Timothy James isn't your average high school freshman.
When he was just nine years old, James picked up a guitar after watching his father play, and it turned into an extension of himself. It came so naturally to him, and after developing his skills and style, he's now performing and competing at national and international music festivals at the age of 15, and he's set to release his first EP in a few weeks.
James lives in Mulino and just finished his freshman year at Molalla High School. He says his original influences include classic rock icons like the Rolling Stones and Pink Floyd, which led him to blues jams in the local area, when he really began to come intrigued. These days, he listens to a little bit of everything, from jazz, to metal, to pop, and everything in between.
James played in the world-famous 2017 International Blues Challenge in Memphis, Tennessee, which earned him a spot in the 2017 Waterfront Blues Festival in Portland with Ryan Stadler, a Molalla High School alum and current student at Clackamas Community College, and Edwin Coleman III on the drums.
"I'm just really excited to play for all of those people," James said,
Despite playing in some very prestigious festivals and events, James enjoys some of the more low-key environments, like the Analog Café and Theater in Portland's Hawthorne District, Billy Blues Bar and Grill in Vancouver, Washington state, and Volcanic Theatre Pub in Bend.
While in Memphis, James says he was able to see and hear firsthand a plethora of good influences, while developing some industry contacts.
"I think one of the good things about [the festival] is contacts, you make a lot of contacts," James said. "It's just really fun meeting people, especially kids my age, because around here there's not a lot of kids who play out as much as I do, but down there it's very professional it's amazing."
James says while he does love the blues, he doesn't want to be limited to one specific style of music. His style is his own, a "Counting Crows-John Mayer" mix with a little bit of blues influence. His father, James Wong, chimed in and labeled it as "pop" with a chuckle.
James released a demo album of four songs in 2015, and he has plans for a nine-song EP. James had help from Ken Brewer, whom he took lessons from a while ago; Brewer did the recording, engineering, and mastering of the EP, according to James Wong. The album will be released on Spotify and iTunes, as well as physical copies for sale, after a couple of local release parties; James says he's hoping for the end of June or early July for the official release date.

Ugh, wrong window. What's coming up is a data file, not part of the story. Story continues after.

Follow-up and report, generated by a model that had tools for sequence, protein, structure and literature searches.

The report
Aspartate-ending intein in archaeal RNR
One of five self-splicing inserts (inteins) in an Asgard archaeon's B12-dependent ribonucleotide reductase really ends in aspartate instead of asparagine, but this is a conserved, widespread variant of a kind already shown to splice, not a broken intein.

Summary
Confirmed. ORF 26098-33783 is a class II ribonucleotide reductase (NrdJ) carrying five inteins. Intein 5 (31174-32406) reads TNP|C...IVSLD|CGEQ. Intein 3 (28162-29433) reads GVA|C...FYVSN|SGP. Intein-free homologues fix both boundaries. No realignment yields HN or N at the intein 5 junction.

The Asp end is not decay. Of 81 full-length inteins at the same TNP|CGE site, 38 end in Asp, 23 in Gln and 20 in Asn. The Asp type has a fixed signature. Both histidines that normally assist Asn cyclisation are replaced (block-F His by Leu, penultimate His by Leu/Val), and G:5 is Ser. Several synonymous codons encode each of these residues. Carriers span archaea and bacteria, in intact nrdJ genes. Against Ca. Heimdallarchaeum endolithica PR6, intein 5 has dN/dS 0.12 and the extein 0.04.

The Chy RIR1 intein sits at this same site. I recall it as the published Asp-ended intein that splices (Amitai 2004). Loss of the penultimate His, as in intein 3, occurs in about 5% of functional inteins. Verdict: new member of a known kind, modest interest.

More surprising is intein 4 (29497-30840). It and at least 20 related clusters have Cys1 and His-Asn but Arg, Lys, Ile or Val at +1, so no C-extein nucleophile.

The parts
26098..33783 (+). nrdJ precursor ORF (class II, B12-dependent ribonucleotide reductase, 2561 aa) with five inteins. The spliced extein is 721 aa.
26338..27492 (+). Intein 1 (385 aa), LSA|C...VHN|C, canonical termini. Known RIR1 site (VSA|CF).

"We've been working on it since December, it's got nine songs, a lot of them are electric, but there's a couple more acoustic ones too," James said.
James says he started out by playing guitar at home, teaching himself for the most part, but he eventually began to meet people, and he's corroborated with a number of artists over the years, including local musicians Gary Meziere, Rae Gordon, Brady Goss, and more.
James' music in the past, and still much of his current music, includes solo work. But he's developed a relationship with Stadler that works for them both.
"I got out and you meet more people, you get better obviously, and then you start playing with more people and it's like 'Hey, maybe I should hit this person up to play with me sometime and now me and Ryan are playing all the time," James said.
While James can usually be found with a guitar strung over his shoulder, he also plays the Alto saxophone with the Molalla Symphonic band and occasionally some piano at home.
James also writes all of his songs, and he says his inspiration ranges.
"Lots of love songs, then there's just some feel-good stuff about the weather and stuff like that, and then there's some darker stuff too, I'd say sort of – I love Molalla, but [there are[ not always the best influences here," James said.
At the Molalla Farmer's Market on June 8, James set up under a covered awning to play a few of his songs, including "Midnight Train," which displays a bit of the ominous tone that James mentioned:
'She rides the midnight train to get away,
I ride the midnight train to get away,
We ride the midnight train to get away,
From this hell that we put ourselves in.'
Video from James' performance of the song can be found below.
When asked what the future looks like for him, James says he doesn't quite have a clear picture yet.
"That'd be great if I got famous, but I doubt that's going to happen," James said with a laugh. "The chances are very slim; I hopefully want to do something in college that involves music, [Clackamas Community College] has a music performance technology program that I might like to do, something like that."
Catch Timothy James at the Waterfront Blues Festival in Portland at the FedEx Crossroad Stage on Friday, June 30 from 5 p.m. to 6 p.m.
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